About this Research Topic
Food allergy is an adverse reaction to dietary antigens that results from a breakdown of immune tolerance to ingested foods. The prevalence of food allergy has risen dramatically in the last few decades. Food allergy has significant morbidity, dramatically impairs quality of life, and creates a tremendous burden on our healthcare system. Although important advances have been made in understanding the breakdown of tolerance and the resultant reactions to food antigens, many aspects of the deviation of the immune response causing food allergy remain unclear. The involvement of IgE and increased T helper 2 (Th2) immune responses in these patients indicate that defects in adaptive immunity are part of the pathogenesis of food allergy. However, non-IgE-mediated food allergy disorders such eosinophilic esophagitis (EoE), a chronic allergic disease characterized by excessive accumulation of eosinophils in the esophagus, indicate that additional pathways also participate in adverse reactions to food antigens. This suggests that the cells involved are often not part of the adaptive immune system. In addition, a number of genetic and environmental factors that predispose to food allergy and EoE implicate innate cells in the allergic diathesis, including epithelial cells and innate immune cells . Despite current advances, the underlying causes of inappropriate activation and regulation of the innate immune system in food allergy and EoE remain poorly understood.
Given the growing evidence that changes in innate immune function contribute to the pathogenesis of food allergy, the goal of this Research Topic is to provide insight into the role of innate immune cells in the development of food allergy and EoE. This issue will focus on functional alterations of gastrointestinal mucosal and submucosal cells with emphasis on molecular, cellular, and intercellular mechanisms leading to increased sensitization/uptake of food allergens, increased number or activity of effector cells critical in allergic immune responses and inflammatory pathways.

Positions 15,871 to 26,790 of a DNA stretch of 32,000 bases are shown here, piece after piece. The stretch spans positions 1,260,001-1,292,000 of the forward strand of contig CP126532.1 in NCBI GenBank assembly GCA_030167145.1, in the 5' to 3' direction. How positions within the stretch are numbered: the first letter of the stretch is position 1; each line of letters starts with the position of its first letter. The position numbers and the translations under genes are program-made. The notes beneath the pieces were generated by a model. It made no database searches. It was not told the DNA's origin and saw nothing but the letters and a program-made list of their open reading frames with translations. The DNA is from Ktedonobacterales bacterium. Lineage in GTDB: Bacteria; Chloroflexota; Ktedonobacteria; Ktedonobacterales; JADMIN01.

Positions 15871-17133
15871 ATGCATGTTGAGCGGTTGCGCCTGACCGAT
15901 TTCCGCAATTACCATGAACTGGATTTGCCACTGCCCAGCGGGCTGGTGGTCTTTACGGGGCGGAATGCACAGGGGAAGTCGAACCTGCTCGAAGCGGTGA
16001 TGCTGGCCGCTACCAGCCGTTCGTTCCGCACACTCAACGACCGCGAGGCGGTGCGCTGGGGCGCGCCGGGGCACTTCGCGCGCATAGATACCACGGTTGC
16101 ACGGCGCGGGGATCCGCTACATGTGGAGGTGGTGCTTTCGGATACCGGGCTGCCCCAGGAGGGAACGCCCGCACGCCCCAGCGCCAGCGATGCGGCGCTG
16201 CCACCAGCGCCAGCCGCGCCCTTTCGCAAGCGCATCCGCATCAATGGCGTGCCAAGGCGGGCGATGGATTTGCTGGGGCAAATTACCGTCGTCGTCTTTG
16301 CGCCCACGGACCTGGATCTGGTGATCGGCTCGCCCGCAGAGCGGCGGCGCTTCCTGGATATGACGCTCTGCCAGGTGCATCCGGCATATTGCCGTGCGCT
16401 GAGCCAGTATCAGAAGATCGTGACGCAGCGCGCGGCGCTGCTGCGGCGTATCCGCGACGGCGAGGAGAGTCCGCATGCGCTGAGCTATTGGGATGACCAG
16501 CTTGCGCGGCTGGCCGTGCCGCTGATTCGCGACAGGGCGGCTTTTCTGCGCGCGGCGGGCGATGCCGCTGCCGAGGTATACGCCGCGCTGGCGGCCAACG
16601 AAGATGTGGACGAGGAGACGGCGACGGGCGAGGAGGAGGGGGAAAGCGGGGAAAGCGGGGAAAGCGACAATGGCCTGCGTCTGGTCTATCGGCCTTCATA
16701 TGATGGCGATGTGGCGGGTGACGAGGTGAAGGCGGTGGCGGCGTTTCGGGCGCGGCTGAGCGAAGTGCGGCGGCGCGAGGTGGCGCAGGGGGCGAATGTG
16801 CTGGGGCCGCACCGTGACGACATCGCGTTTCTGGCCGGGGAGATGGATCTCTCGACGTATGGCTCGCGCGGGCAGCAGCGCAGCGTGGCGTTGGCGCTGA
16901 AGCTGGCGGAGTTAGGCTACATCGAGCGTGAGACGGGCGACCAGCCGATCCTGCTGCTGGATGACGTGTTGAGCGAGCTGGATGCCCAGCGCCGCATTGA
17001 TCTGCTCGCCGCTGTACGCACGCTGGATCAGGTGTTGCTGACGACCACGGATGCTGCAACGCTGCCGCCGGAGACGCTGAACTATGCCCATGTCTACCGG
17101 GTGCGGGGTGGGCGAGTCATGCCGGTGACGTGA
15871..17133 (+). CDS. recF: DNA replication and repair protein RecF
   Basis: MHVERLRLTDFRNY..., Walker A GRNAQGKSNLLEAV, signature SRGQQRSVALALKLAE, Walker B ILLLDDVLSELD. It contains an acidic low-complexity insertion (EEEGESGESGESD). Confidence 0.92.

We welcome the submission of Original Research, Review and Mini-Review articles, or General Commentaries that address, but are not limited to, the following topics:
• The role of epithelium in antigen sensitization and/or allergic immune responses
• Mechanisms by which innate immune cells at non-intestinal sites contribute to food allergy and EoE
• Role of innate immune cells (mast cells, basophils, eosinophils, monocytes, macrophages, dendritic cells, NK cells, ILC) in initiating and/or perpetuating allergic inflammation in food allergy and EoE
• Inflammatory mediators (cytokines, chemokines, alarmins, enzymes) expressed by innate cells that drive the development of food allergy and EoE
• Genetic and epigenetic mechanisms that promote the development of food allergy and EoE by affecting the development, phenotype, and/or function of innate cells
• Effects of microbiota on epithelium and/or innate immune cells that influence food allergy and/or EoE
• Role of environmental factors in modulating innate immunity in a manner that promotes allergic immune responses in food allergy and EoE
• Alterations of innate cells by cofactors (i.e. NSAIDs, alcohol, exercise, etc) and their influence in food allergy
• Role of innate cells in severity of IgE-mediated reactions
Prof. Simon Hogan is the co-inventor on patent PCT/US2018/018618 Inhibition of Unfolded Protein response for Suppressing or preventing allergic reaction to food. All other Topic Editors declare no potential conflicts of interest with regard to the topic theme.
Keywords: food allergy, EoE, gastrointestinal epithelium, innate immune cells, antigen passage, Eosinophilic Esophagitis
Important Note: All contributions to this Research Topic must be within the scope of the section and journal to which they are submitted, as defined in their mission statements. Frontiers reserves the right to guide an out-of-scope manuscript to a more suitable section or journal at any stage of peer review.